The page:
Ramen Champion Part I – Hong Kong

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There seems to be a flux of ramen shops popping up in every corner of Hong Kong. Is Ramen Champion a gimmick or is the ramen a worthy trip?

Ramen Champion is a cluster of ramen shops in one convenient location. Once you step inside you are given what resembles a hotel key card, it is used to track what you ordered. There are a total of six ramen shops, all offering from different styles of ramen. The atmosphere is fun and enticing, I feel like a kid in a candy store, and I have so many items to choose from and I don’t know where to start.

Part 1 of this exciting review, I try Bario Ramen, Ikkousha Ramen and Bishamon Zero Ramen.

After visiting all the ramen shops, I decide to try Bario Ramen first. They seem to have the most energy and excitement when trying to get customers to taste their ramen, also the ramen looks scrumptious. Bario Ramen uses Jiro-style noodles, which is a thick cut bread flour noodle that resembles Udon noodles; a Tonkotsu based soup, which is a thick and heavy pork broth. I order the Bario Bowl to start this ramen quest. I now patiently await for the Bario beeper device to tell me that my food is ready.

After 10 minutes my beeper goes off and I run to get my piping hot noodle bowl. My first thought is how massive this ramen is, piled high with Char-Siu (thick sliced pork slabs) and bean sprouts. I quickly mix up this massive concoction and start to dive right in. I initially try the soup first, and I must say it is very heavy, thick and pork-heavenly delicious. I can tell right away this is going to be one heavy ramen bowl. I take my first slurp and the combination of the chewy thick texture of the noodle with the crispy bean sprouts and fatty soup go somewhat well together. I am not used to the style of noodles that Bario creates. It is very thick and at times is a task to chew with all the other items in the ramen. I would have preferred they use a thinner style ramen noodle but nonetheless it is hardy and enjoyable. A good start to my ramen quest.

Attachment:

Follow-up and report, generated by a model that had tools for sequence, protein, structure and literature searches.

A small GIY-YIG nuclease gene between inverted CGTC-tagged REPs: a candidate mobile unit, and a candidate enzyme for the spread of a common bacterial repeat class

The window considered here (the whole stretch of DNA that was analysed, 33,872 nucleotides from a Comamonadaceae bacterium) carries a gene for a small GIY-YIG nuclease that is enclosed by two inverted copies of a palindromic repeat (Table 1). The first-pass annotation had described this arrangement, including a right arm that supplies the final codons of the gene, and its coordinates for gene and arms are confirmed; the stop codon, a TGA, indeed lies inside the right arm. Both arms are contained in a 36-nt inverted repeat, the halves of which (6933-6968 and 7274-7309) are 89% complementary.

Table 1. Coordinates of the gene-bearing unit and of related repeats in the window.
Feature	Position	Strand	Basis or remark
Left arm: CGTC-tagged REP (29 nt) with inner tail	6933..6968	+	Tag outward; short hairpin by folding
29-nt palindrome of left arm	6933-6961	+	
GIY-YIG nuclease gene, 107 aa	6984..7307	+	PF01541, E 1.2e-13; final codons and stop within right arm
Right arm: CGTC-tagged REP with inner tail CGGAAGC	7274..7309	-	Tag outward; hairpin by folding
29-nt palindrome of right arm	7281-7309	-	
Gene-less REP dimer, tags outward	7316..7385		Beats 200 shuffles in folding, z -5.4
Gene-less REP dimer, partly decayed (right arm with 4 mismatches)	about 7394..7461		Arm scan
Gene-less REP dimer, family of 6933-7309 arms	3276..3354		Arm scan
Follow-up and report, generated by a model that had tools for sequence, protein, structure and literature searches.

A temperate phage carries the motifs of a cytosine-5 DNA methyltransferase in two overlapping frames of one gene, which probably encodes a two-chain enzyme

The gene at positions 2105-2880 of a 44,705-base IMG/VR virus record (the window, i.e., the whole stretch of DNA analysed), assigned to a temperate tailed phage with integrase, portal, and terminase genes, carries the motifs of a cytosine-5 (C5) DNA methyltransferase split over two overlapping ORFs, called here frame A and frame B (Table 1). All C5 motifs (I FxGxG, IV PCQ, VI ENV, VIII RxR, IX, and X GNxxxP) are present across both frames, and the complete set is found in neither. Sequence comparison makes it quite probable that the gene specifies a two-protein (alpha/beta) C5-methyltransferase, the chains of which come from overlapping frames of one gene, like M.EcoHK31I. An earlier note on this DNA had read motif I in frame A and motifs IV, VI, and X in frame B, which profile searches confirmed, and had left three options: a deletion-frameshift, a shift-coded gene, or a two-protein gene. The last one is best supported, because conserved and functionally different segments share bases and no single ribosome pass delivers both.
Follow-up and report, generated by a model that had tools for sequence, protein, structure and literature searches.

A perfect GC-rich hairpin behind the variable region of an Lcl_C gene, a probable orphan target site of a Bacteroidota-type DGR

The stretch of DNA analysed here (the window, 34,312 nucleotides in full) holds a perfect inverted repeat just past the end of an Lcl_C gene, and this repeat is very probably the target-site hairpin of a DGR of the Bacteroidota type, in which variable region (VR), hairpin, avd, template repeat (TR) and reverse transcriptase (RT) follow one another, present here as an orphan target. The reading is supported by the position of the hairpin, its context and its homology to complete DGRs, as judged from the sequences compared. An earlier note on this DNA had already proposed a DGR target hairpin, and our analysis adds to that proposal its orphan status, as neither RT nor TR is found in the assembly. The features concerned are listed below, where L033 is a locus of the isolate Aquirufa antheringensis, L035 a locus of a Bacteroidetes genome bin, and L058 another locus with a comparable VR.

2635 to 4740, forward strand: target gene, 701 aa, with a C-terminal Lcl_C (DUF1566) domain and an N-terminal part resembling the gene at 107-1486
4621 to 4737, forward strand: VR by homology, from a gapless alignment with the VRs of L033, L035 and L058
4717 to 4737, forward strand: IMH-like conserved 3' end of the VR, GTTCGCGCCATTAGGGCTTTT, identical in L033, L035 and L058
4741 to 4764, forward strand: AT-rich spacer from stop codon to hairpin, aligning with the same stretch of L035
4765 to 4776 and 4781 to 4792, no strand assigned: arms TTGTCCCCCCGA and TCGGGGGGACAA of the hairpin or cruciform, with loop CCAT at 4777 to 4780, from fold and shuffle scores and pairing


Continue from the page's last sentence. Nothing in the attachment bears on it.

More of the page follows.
The next stop is Ikkousha Ramen. Ikkousha is Hakata style ramen which uses fresh pork bone broth (Tonkotsu) with thin straight style noodles. I order the Ikkousha Special Ramen, which houses Tonkotsu soup, thin tender slices of pork, soft boiled egg and topped off with scallion. The aromatic smell gets my senses all excited and again I dive right in. The ramen at Ikkousha is not as massive as Bario, it looks more calm, soothing and inviting. I take a swig of the soup and I feel as though this broth is better than Bario’s. It has more flavor while less fatty, and it’s more manageable to slurp down. The noodles however is a different story. Ikkousha uses thin “15-second cooked” noodles that tastes like Sōmen noodles. I think it would be more enjoyable if they used the traditional curly ramen noodles. But to compare this ramen to Bario is difficult, as they seem to be in different weight classes: Bario being the big bulky heavyweight and Ikkousha a leaner, agile middle weight.

The last stop for the day is Hokkaido Bishamon Ramen shop. Bishamon uses a savory chicken/pork broth style soup with traditional curly noodles. I order the Shoyu (soy sauce) Ramen. I am excited at the fact that Bishamon uses traditional style noodles. I take spoonful of soup and notice right away it is very light in taste (as you can see I like to taste the soup first before devouring my ramen). I then proceed to the curly noodles. I take my first bite and am quickly filled with disappointment. There is hardly any taste and the noodles are not chewy and overall just bland. This place does not compare to the others I have eaten. So far this is at the bottom of my list.

There is still more to conquer here at Ramen Champion. So stay tuned!

To Be Continued…

Ramen Champion Shop No.4-12 & 26-31,3/B, Prudential Centre, 216-228 Nathan Road, Kowloon, Hong Kong

TEL: +852 2377 9944 – 11:30am to 10:30pm daily


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